Making SRFI-170 less of a monster hga@xxxxxx 02 Aug 2019 08:23 UTC
Amendment 1 to Making SRFI-170 less of a monster hga@xxxxxx 02 Aug 2019 12:38 UTC
Re: Amendment 1 to Making SRFI-170 less of a monster John Cowan 02 Aug 2019 17:43 UTC
Re: Amendment 1 to Making SRFI-170 less of a monster Lassi Kortela 02 Aug 2019 18:41 UTC
(missing)
Re: Amendment 1 to Making SRFI-170 less of a monster Lassi Kortela 02 Aug 2019 19:53 UTC
Re: Amendment 1 to Making SRFI-170 less of a monster hga@xxxxxx 02 Aug 2019 20:00 UTC
Re: Amendment 1 to Making SRFI-170 less of a monster John Cowan 02 Aug 2019 20:44 UTC
Re: Amendment 1 to Making SRFI-170 less of a monster John Cowan 02 Aug 2019 21:22 UTC
Re: Amendment 1 to Making SRFI-170 less of a monster Lassi Kortela 02 Aug 2019 21:24 UTC
Re: Amendment 1 to Making SRFI-170 less of a monster John Cowan 02 Aug 2019 21:50 UTC
Re: Amendment 1 to Making SRFI-170 less of a monster hga@xxxxxx 02 Aug 2019 21:28 UTC
Re: Amendment 1 to Making SRFI-170 less of a monster Lassi Kortela 02 Aug 2019 22:02 UTC
Re: Amendment 1 to Making SRFI-170 less of a monster hga@xxxxxx 09 Aug 2019 21:40 UTC
Re: Amendment 1 to Making SRFI-170 less of a monster Lassi Kortela 09 Aug 2019 22:25 UTC
Re: Amendment 1 to Making SRFI-170 less of a monster hga@xxxxxx 09 Aug 2019 22:53 UTC
Re: Amendment 1 to Making SRFI-170 less of a monster John Cowan 10 Aug 2019 01:33 UTC
Unix logging systems Lassi Kortela 10 Aug 2019 08:19 UTC
Re: Unix logging systems Duy Nguyen 10 Aug 2019 11:00 UTC
Re: Unix logging systems hga@xxxxxx 10 Aug 2019 11:47 UTC
Re: Amendment 1 to Making SRFI-170 less of a monster hga@xxxxxx 02 Aug 2019 20:50 UTC
Re: Amendment 1 to Making SRFI-170 less of a monster John Cowan 02 Aug 2019 21:39 UTC
Re: Amendment 1 to Making SRFI-170 less of a monster hga@xxxxxx 02 Aug 2019 22:42 UTC
Re: Amendment 1 to Making SRFI-170 less of a monster Lassi Kortela 02 Aug 2019 22:55 UTC
Re: Amendment 1 to Making SRFI-170 less of a monster John Cowan 03 Aug 2019 02:51 UTC

Re: Amendment 1 to Making SRFI-170 less of a monster Lassi Kortela 09 Aug 2019 22:25 UTC

Thanks for not dismissing my rant outright :p

>> There are not really many daemon-specific features in Unix that people
>> should actually use :) Programmers want to be l33t by using daemon(),
>> nohup, syslog, setuid() and stuff like that for their programs but it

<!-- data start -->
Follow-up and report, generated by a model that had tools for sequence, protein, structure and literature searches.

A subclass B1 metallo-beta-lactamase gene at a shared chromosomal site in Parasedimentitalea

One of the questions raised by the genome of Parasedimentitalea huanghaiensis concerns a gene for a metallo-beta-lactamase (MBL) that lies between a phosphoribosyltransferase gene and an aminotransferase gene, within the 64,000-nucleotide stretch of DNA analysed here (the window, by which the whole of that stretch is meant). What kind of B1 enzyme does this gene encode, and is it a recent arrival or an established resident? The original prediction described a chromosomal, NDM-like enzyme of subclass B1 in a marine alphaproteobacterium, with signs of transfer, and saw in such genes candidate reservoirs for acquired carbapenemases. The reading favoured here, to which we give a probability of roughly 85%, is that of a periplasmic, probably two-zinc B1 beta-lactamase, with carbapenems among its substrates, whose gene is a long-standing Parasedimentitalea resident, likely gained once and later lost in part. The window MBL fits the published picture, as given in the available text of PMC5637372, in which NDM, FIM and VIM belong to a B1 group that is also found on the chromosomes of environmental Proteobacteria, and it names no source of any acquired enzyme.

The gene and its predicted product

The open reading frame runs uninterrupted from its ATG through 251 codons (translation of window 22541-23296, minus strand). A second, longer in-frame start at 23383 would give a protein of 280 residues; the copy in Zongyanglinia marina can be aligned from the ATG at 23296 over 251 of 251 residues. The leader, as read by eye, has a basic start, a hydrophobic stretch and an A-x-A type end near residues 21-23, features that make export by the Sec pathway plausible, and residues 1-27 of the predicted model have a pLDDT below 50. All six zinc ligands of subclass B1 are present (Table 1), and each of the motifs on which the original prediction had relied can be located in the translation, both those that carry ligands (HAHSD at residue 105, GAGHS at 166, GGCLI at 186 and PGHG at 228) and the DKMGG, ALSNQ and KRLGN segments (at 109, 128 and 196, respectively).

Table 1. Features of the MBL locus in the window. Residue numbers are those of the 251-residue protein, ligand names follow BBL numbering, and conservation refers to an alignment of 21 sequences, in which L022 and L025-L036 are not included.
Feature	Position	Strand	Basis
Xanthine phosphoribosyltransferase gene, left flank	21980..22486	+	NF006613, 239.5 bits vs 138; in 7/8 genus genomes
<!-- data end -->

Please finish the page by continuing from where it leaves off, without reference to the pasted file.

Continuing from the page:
>> usually doesn't make any sense....
>
> Syslog as in sending log messages to the system?  I use that every day
> in my backup scripts, which logwatch then displays to assure me that
> my local to disk, local to tape, and offsite ones all ran.

I'm not intimately familiar with how syslog works; it is probably
convenient for some scenarios. The point is that daemons should not be
written against the One True Logging Framework - whether that be syslog,
rotated log files, a binary journal ala systemd, or something else. They
should just write all their logs to stdout/stderr like normal programs,
and the sysadmin can then set up a logger to collect those logs and
route them to the appropriate place (disk files, logs-as-a-service
sites, filter out critical messages and email the sysadmin about them,
etc. etc.)

Daemontools includes a logger that writes rotated text files, but that's
just one of many possibilities. The daemontools remake "runit" has a
logger that can also route the logs to a UDP socket. Since the
supervisor just collects logs from stdout, it's easy to write custom
routers as needed without reprogramming any daemons.

For an idea of how far this architecture can be taken, see
<https://12factor.net/logs>. The 12factor web app architecture is the
backbone of Heroku's awesomeness. It's essentially just "web-scale
daemontools".

> nohup, I've read that systemd has done a number on it.  But isn't it
> in theory useful for starting a batch process and exiting that shell?

It can be useful for one-off hacks, but daemons should not be started
from a user shell at all. A random user login and shell session carries
too much implicit environment that can cause heisenbugs for the daemon.
At worst those bugs can be security holes. Modern supervisors such as
daemontools and systemd (whose core tenets are also more or less copied
from there) start a supervisor at system boot time, and all daemons are
child processes of that supervisor. Since the supervisor process has a
simple, predictable lineage starting from init (PID 1) - indeed, on some
systems the supervisor process _is_ PID 1 - it lives in a predictable
environment which it can pass on to the daemons.

Under this system, daemons are started by sending a command to the
supervisor to "please start daemon foo". So the sysadmin never spawns
daemon processes directly.

Again, Heroku is just an auto-scaled version of this system with a
glitzy web GUI on top. It's simply great stuff.